— A Boeing 787 Dreamliner decked out like a flying laboratory received a rousing welcome at its U.S. public debut Friday.
The reception by thousands of aviation enthusiasts at the AirVenture air show rivaled the anticipation of airlines that are lined up to buy the first-of-its-kind jetliner.
The Dreamliner promises to expand on the economy of jumbo jets, but in a smaller, 250-seat plane. The improvements will allow carriers to operate the 787 profitably on longer nonstop routes, such as Los Angeles to New Delhi, Boeing officials said.
More than 50 airlines worldwide have placed orders for more than 835 Dreamliners, according to Chicago-based Boeing Co.
Boeing Chairman and CEO Jim McNerney said this week that he expects the Dreamliner will receive final certification from the Federal Aviation Administration in August.
The partial shutdown of the FAA this week due to a dispute in Congress over reauthorizing the agency's operations will have "no impact, no delay" on Dreamliner certification, FAA spokeswoman Elizabeth Isham Cory said.
In Oshkosh, Boeing Capt. Mike Carriker flew two passes above Wittman Regional Airport on Friday morning before landing the world's first jetliner made largely of super-hardened plastics.
The plane, ZA001, is the first 787 produced. It made its maiden test flight in December 2009 but will not enter commercial service.
"I've been thinking about bringing this airplane to Oshkosh for five years," Carriker said, referring to numerous delays that threw off the schedule.
The plane is still officially "experimental," sharing that title with many of the home-builts and other aircraft on display at the Experimental Aircraft Association's annual weeklong show. But that similarity will end soon.
The Dreamliner is scheduled for delivery to its first customer, Japan's All Nippon Airways, by the end of September, Boeing officials said.
That's three years late. The twin-engine plane has been beset by design and construction problems that caused numerous delays.
Aviation enthusiasts who watched the plane touch down Friday in Oshkosh, and then waited in a long line for a walk-through, held no grudges.
"I am standing in front of an aviation celebrity," Robert Edmonds Jr., an aerospace engineer who lives in Manassas, Va., said as he videotaped himself with the Dreamliner in the background.
Spectators got a first glimpse at features — ranging from advanced aerodynamics to oversize windows designed to give passengers a view of the horizon from any seat — that have made the Dreamliner the fastest-selling commercial airliner in Boeing history.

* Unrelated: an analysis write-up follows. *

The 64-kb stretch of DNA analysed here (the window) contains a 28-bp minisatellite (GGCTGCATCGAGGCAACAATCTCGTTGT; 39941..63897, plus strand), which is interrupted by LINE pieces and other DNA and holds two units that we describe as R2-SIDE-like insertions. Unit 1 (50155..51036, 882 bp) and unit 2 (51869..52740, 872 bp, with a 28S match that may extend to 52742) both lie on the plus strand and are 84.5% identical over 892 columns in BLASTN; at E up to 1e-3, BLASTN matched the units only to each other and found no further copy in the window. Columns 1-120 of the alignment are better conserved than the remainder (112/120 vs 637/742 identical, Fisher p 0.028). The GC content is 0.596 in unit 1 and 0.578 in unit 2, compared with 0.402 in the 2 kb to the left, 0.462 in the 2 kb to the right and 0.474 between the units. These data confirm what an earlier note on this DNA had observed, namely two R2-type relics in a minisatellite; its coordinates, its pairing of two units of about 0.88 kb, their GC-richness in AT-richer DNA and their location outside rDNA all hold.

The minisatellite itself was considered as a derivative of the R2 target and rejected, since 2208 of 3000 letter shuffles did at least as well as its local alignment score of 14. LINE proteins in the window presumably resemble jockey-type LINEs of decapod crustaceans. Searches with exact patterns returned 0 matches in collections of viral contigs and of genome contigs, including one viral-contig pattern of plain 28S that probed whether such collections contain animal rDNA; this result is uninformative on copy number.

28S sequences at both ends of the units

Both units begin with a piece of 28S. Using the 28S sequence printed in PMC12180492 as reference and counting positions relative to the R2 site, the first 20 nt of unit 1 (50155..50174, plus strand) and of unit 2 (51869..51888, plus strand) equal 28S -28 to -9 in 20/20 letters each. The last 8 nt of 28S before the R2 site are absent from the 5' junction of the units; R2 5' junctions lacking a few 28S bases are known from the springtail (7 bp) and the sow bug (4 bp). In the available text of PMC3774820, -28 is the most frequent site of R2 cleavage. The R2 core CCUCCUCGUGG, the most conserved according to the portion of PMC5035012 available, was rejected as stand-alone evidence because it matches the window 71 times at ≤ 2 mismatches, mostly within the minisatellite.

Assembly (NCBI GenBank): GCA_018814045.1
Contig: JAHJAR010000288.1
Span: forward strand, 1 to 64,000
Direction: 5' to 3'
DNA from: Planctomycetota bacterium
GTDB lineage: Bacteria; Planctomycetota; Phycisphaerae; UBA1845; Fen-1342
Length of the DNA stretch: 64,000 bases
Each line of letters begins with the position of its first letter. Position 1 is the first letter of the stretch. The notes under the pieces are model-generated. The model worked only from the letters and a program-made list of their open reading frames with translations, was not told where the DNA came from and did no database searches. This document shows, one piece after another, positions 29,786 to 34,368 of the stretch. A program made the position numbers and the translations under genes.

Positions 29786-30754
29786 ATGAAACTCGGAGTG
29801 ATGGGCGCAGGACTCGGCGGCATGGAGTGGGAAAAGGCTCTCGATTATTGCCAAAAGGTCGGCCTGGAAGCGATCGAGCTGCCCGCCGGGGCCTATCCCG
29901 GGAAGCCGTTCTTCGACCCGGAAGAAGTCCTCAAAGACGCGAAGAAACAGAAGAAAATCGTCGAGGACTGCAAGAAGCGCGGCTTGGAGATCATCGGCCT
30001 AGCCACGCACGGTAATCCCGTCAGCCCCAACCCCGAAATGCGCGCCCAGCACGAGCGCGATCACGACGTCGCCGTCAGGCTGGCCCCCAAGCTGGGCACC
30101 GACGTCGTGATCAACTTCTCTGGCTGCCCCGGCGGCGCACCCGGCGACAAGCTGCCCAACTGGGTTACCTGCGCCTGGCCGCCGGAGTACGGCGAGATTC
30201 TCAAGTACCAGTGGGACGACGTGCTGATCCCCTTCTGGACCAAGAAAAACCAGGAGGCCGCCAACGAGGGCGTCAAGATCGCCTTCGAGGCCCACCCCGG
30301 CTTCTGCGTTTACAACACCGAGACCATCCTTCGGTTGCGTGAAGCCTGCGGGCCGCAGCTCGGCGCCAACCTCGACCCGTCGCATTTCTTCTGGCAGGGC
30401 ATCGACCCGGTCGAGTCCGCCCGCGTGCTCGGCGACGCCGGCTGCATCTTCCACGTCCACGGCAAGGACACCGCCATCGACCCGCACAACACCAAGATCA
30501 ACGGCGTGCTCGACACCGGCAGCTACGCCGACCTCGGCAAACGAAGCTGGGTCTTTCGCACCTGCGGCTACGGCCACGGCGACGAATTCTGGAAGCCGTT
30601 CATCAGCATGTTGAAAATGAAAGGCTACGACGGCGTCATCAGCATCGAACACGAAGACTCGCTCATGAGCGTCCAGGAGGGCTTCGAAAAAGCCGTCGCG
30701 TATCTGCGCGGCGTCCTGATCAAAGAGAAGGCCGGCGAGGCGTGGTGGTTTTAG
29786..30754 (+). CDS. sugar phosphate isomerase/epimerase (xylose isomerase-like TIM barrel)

Boeing said the plane will achieve a 20 percent improvement in fuel burn compared to planes the same size.
New advanced engines are the biggest factor to greater fuel efficiency, officials said. But other technologies and the use of lightweight composite materials on half of the primary structure, including the fuselage and wings, bolster the performance.
In addition, the Dreamliner's pollutants have been reduced 20 percent compared with planes of similar size, Boeing officials said.
Onboard comforts intended to improve the flying experience include better airflow and more humidity in the cabin to reduce the effect of jet lag during long flights. An onboard filtration system removes odors, allergens and bacteria.
The test-flight plane was tightly outfitted with equipment that engineers and analysts use to monitor systems and performance.
When the first Dreamliner is ready for paying passengers, they will be greeted by an arched entryway, officials said. The tall cabin ceiling will create the impression of the sky, and the ceiling's color and brightness can be controlled by the crew.
Billed as an ultra-smart plane, the Dreamliner is designed to provide a smoother and quieter ride, said Boeing instrumentation engineer William Acheson. A vertical gust suppression system senses turbulence and commands wing-control surfaces to counter the choppy ride, he said.
The 787 is the first midsize plane capable of flying long distances, up to 8,200 nautical miles. It will allow airlines to efficiently expand nonstop routes without relying on more fuel-guzzling planes like 747s and 777s, officials said.
Boeing estimates that the 787 can connect more than 450 city pairs that until now required the range of jumbo jets.
Boeing is building two 787s a month, and the Chicago-based company expects to ramp up production to 10 a month in 2013, McNerney said. A larger version, the 787-9, which will carry up to 290 passengers, will be delivered starting at the end of 2013, he said.
The sleek design that uses less aluminum means that a 787 has fewer than 10,000 holes drilled into it during assembly, compared with 1 million holes on a 747, and the number of fasteners on the first barrel section of a 787 has been reduced by 80 percent, Boeing said.
Boeing estimated 30 percent maintenance savings for operators of the 787.Copyright © 2015, CT Now